2.1. Instrumentation

[4] For this study a DHC6 Twin Otter research aircraft operated by the British Antarctic Survey was equipped with instrumentation to measure boundary layer parameters. The core aircraft instrumentation used in this experiment is listed in Table 1. The maximum range of the aircraft is approximately 1000 km and the altitude ceiling is around 4000 m. For this study the mean aircraft speed ranged between 60 and 70 m s−1. A fast response temperature sensor and a nine-hole turbulence probe (BAT probe) were mounted on a boom in front of the aircraft. This instrumental set-up was chosen to reduce flow distortion effects of the aircraft. Measurements of wind and temperature were taken with a frequency of 50 Hz. Other instruments, which were mounted on the aircraft, are a downward-looking video camera to obtain information on the sea surface and ice structure, and an infrared radiometer thermometer (IRT) for measurement of the surface temperature. The atmospheric humidity was measured with a cooled-mirror dew point hygrometer. For the determination of radiative fluxes, upward- and downward looking pyranometers (for short wave radiation) and pyrgeometers (for long wave radiation) were installed. Aircraft position, altitude, attitude and velocity information were obtained from GPS and radar altimeter measurements. A detailed description of the instrumentation and the raw data processing is given by King et al. [2008].

Table 1. Measurement Capability of British Antarctic Survey Twin Otter Aircraft Equipped With Boundary Layer Instrumentation
Measurement CapabilityInstruments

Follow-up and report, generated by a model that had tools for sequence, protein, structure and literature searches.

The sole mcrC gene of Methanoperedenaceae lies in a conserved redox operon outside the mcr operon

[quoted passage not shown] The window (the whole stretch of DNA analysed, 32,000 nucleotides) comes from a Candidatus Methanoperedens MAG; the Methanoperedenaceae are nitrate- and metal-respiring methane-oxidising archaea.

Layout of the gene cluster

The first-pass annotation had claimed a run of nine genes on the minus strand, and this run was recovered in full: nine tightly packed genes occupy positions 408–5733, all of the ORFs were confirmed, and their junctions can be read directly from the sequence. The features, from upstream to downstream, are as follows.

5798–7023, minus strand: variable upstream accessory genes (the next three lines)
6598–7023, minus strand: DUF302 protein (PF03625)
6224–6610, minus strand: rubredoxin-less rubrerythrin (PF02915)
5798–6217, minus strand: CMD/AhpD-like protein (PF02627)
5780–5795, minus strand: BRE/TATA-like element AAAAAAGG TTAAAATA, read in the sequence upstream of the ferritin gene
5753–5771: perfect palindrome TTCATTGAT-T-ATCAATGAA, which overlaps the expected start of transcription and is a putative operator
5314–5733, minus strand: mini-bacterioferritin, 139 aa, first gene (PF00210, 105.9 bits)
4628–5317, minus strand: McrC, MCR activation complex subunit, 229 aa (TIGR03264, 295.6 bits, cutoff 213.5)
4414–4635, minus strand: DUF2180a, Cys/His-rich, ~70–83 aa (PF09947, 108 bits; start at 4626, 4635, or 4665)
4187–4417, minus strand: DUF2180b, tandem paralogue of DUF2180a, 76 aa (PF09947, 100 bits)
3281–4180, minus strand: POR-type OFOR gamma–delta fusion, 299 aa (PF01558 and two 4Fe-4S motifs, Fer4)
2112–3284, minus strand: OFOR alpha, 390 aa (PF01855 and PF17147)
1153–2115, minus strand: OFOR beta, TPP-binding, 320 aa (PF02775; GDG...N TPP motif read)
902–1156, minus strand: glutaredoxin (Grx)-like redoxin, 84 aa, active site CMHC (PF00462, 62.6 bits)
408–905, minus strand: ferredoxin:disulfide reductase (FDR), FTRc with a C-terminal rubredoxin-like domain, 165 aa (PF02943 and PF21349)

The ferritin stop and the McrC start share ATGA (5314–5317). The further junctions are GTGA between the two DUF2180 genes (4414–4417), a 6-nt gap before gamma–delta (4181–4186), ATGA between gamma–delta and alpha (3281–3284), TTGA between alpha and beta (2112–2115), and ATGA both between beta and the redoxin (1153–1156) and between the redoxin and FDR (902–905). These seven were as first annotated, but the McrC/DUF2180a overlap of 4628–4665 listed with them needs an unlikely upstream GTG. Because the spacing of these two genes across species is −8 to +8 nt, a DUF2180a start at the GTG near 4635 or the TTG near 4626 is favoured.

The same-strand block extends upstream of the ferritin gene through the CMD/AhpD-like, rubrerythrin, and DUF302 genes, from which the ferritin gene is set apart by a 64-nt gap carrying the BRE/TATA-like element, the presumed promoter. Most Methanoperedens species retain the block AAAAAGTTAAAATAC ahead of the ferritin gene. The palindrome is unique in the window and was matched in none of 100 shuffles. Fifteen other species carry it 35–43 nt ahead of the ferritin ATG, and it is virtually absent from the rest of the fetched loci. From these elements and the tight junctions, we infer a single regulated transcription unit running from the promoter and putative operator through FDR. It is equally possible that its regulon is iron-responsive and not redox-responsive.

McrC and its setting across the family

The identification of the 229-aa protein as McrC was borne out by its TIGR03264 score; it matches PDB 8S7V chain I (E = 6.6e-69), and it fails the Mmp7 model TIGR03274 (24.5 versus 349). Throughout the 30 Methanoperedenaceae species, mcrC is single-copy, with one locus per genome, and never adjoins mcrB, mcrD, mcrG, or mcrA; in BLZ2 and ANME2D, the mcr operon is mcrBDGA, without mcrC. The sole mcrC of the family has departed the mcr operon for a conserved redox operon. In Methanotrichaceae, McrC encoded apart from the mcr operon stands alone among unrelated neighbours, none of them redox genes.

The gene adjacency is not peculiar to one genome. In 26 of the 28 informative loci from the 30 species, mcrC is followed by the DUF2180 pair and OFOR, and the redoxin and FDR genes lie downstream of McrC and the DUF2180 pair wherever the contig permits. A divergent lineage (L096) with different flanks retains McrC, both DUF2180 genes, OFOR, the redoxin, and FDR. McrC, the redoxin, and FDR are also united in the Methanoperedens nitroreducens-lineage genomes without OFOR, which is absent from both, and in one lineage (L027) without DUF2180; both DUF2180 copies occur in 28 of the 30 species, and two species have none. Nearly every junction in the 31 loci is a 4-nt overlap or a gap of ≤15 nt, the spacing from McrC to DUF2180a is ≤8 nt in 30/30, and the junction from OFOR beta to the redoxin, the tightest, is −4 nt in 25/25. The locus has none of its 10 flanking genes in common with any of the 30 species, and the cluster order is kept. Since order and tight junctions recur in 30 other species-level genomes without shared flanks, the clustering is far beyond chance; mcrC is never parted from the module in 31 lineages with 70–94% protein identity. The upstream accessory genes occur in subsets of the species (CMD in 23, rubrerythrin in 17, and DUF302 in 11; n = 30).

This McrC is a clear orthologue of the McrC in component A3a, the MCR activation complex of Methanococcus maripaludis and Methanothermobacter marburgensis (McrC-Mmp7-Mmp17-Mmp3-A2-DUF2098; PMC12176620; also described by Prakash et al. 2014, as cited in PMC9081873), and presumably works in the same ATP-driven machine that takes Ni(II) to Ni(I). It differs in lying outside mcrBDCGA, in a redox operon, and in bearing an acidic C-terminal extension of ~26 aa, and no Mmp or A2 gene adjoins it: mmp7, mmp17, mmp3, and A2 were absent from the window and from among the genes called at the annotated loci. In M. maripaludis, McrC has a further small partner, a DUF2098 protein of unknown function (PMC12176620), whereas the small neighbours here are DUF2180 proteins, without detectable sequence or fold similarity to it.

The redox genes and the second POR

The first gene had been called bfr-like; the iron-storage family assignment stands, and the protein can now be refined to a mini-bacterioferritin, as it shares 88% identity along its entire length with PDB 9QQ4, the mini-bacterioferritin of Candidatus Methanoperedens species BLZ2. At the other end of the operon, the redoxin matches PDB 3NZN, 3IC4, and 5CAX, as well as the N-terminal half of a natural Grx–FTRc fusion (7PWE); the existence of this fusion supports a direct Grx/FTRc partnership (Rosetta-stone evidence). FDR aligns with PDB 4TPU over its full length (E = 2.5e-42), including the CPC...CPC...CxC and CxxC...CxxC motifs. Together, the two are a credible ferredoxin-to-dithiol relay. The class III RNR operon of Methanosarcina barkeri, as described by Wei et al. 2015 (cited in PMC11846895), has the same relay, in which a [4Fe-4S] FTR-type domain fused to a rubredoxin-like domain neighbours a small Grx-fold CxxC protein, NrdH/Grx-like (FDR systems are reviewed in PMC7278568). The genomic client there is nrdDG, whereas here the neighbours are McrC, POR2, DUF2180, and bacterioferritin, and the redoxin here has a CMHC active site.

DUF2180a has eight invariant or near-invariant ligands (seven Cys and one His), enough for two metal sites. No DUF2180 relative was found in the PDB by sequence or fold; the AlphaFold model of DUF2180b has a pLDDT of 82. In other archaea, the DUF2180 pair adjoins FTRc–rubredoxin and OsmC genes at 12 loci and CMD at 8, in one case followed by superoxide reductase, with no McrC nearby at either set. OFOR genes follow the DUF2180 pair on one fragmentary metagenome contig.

Total temperatureGoodrich Rosemount sensor 102 de-iced and normal
Dew pointBuck research 1011C cooled mirror
AirspeedStatic and pitot pressure, Honeywell HPA
Atmospheric turbulent fluxesNOAA/ARA BAT probe running at 50 Hz
Position, altitude, attitude, velocityJAVAD AT4: 4 GPS System at 20 Hz
Short wave radiationUpward and downward looking Pyranometer, Eppley PSP
Long wave radiationUpward and downward looking Pyrgeomenter, Eppley PIR
Infrared surface temperatureDownward looking Heimann, KT19.82
Video footageSony DV downward looking camcorder and cockpit handheld video

2.2. Study Area

[5] Measurements were carried out in 2007 and 2008 during the Antarctic summer months of February and March. The aircraft was operated from Rothera Research Station on Adelaide Island (67.6°S, 68.1°W), which is shown in Figure 1. The black lines in Figure 1 show the flight tracks from the research station to the sea ice areas in the Weddell Sea. Over sea ice, low level horizontal flight tracks were flown to measure boundary layer parameters. In total, 16 flight missions, conducted over Weddell Sea ice, in the area 65°S–70°S, 55°W–65°W, form the basis of this study.